The Working Time Regulations 1998 (implementing the European Working Time Directive) were enacted to safeguard the health and safety of workers. The regulations impose a limit on working hours, in addition to providing rights to daily and weekly rest periods, and holiday entitlement. They apply to all workers, not just employees.
As an employer, you must ensure that your workplace complies with the Working Time Regulations.
As an employer, you have certain obligations under the Working Time Regulations to your employees. These include:
Generally speaking, a worker’s working time (including overtime) must not exceed 48 hours a week on average (calculated over a 17-week reference period). As an employer, you must take reasonable steps to ensure that this limit is complied with, in order to fulfil your health and safety obligations. However, an individual worker may choose to agree to work more than the average 48-hour weekly limit, and can do so by signing a written agreement to that effect.
There are specific provisions relating to young workers and night workers.
The Working Time Regulations also provide that a worker should be allowed the following rest periods:
Full-time workers are entitled to a minimum of 5.6 weeks’ (28 days’) paid holiday leave per year. A part-time worker is entitled to 28 days’ holiday reduced pro rata, according to the number of days they work each week. For example, if an employee works three days a week, their holiday entitlement is 17 days (16.8 rounded up to 17). As an employer, you may specify the days on which holiday leave may be taken. This allows organisations, such as schools, to require workers to take holiday leave during periods of closure.
Workers continue to accrue holiday entitlement during long-term sick leave, maternity leave, and any other equivalent period of leave. If workers are unable to take their entitlement because of that leave, they should be able to carry it over to the next holiday year. For workers on long-term sick leave, case law now indicates that they should be able to carry it forward 18 months from the end of the holiday year in which it was accrued.
Law on holiday pay
Workers are entitled to be paid their ‘normal remuneration’ during annual leave, at a rate of a week’s pay for each week of leave. For workers who do not have normal working hours and who do not receive a fixed rate of pay, employers must average out the employee’s earnings over a 12-week reference period in order to ascertain what constitutes a ‘week’s pay’.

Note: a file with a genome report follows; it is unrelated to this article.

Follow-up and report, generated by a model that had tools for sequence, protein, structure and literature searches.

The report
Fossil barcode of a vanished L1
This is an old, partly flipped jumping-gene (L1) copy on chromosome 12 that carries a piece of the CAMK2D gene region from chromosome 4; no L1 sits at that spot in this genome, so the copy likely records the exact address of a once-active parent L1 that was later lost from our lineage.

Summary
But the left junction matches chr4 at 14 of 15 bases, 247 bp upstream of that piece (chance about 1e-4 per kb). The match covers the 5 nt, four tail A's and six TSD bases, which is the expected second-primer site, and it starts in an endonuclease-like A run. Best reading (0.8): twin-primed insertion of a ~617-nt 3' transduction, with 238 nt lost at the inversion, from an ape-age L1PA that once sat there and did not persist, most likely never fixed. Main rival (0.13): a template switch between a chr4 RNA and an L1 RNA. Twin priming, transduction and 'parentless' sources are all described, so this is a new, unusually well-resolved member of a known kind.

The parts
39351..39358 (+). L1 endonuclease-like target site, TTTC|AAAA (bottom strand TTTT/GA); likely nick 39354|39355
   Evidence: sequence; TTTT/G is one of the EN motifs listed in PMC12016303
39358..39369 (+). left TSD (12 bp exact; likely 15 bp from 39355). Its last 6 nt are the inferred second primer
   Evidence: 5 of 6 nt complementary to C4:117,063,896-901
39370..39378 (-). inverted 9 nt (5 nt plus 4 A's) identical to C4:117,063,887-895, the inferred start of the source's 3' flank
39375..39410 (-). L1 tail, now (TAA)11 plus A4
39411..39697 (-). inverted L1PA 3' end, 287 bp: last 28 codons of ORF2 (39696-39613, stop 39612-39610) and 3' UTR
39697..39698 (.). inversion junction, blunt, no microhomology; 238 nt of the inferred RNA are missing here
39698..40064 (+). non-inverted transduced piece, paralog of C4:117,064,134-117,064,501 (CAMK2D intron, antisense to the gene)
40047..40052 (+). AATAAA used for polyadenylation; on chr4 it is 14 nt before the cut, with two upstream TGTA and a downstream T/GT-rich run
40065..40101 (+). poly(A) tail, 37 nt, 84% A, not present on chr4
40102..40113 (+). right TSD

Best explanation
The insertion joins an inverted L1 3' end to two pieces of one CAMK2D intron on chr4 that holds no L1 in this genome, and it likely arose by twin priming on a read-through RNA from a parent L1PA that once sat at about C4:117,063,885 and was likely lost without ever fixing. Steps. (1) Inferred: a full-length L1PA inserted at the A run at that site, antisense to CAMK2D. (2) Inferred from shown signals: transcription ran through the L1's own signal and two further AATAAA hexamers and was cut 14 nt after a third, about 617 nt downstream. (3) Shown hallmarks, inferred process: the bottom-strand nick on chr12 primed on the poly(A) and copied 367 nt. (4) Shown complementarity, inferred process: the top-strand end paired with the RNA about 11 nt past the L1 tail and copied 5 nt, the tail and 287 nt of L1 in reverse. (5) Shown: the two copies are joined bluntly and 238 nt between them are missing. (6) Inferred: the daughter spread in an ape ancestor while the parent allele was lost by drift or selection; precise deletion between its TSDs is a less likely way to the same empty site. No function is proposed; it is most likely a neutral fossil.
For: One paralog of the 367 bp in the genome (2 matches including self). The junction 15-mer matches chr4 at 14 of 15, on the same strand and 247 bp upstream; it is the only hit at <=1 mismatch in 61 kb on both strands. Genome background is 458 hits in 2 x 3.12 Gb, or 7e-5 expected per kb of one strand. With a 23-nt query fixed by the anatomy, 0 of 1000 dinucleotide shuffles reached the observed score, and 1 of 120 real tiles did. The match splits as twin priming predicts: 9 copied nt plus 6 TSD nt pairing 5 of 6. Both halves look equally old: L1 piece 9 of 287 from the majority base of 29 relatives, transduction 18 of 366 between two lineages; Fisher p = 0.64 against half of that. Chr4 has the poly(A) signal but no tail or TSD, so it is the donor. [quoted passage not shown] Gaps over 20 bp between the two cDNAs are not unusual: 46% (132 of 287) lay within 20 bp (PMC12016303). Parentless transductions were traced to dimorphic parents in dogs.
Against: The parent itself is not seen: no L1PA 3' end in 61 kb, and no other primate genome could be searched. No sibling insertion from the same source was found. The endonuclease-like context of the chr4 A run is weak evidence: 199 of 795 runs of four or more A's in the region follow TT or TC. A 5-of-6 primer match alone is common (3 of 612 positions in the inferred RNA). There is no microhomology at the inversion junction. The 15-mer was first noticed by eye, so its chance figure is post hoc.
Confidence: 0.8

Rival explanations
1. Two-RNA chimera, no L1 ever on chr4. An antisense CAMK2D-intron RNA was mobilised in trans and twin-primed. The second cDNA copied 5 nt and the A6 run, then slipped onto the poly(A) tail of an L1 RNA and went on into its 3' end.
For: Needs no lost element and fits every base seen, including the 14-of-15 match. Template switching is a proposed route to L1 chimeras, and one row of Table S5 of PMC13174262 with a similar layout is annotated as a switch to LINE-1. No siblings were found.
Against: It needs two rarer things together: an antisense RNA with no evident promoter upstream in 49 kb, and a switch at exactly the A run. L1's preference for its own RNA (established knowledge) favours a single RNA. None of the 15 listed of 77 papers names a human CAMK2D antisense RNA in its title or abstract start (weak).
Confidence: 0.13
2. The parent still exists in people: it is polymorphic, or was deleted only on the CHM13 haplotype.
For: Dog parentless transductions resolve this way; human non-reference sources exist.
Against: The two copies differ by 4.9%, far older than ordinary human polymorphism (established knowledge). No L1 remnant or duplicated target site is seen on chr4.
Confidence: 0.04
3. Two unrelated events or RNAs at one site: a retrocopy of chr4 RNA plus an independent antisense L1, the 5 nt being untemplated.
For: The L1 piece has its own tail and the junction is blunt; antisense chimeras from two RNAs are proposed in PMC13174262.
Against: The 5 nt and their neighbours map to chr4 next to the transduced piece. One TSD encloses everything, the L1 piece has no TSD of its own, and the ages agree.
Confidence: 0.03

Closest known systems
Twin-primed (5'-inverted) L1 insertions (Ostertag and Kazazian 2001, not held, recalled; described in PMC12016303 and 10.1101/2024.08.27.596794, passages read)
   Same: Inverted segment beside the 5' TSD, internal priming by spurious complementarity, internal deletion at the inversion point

In some cases, employers are obliged to include overtime payments when calculating a worker’s holiday pay. This will vary from case to case. In brief, however, payments that are ‘intrinsically linked’ to the performance of tasks the worker is required to carry out under the contract of employment and payments linked to the worker’s professional and personal status should be reflected in holiday pay. This can include bonuses and commission as well as overtime.
The rules on calculating holiday pay can be complicated (and are currently being disputed in the courts), and we would recommend that you seek legal advice if you are unsure of your obligations in this area.
We have considerable experience in advising employers in respect of their obligations under the Working Time Regulations, and can help you to understand the duties owed to your employees as a result. Our Employment Lawyers can also review your employment contracts, policies and procedures to ensure that they are compliant with the legislation.
In most employment situations taking legal advice early on can often stop the situation from escalating and will save you time and money later. With our proactive advice, Thorntons Employment Law team can help you over Working Time Regulations compliance and wider employment law advice. Give one of our team a call on 03330 430 350 , or complete our online enquiry form and we will contact you.
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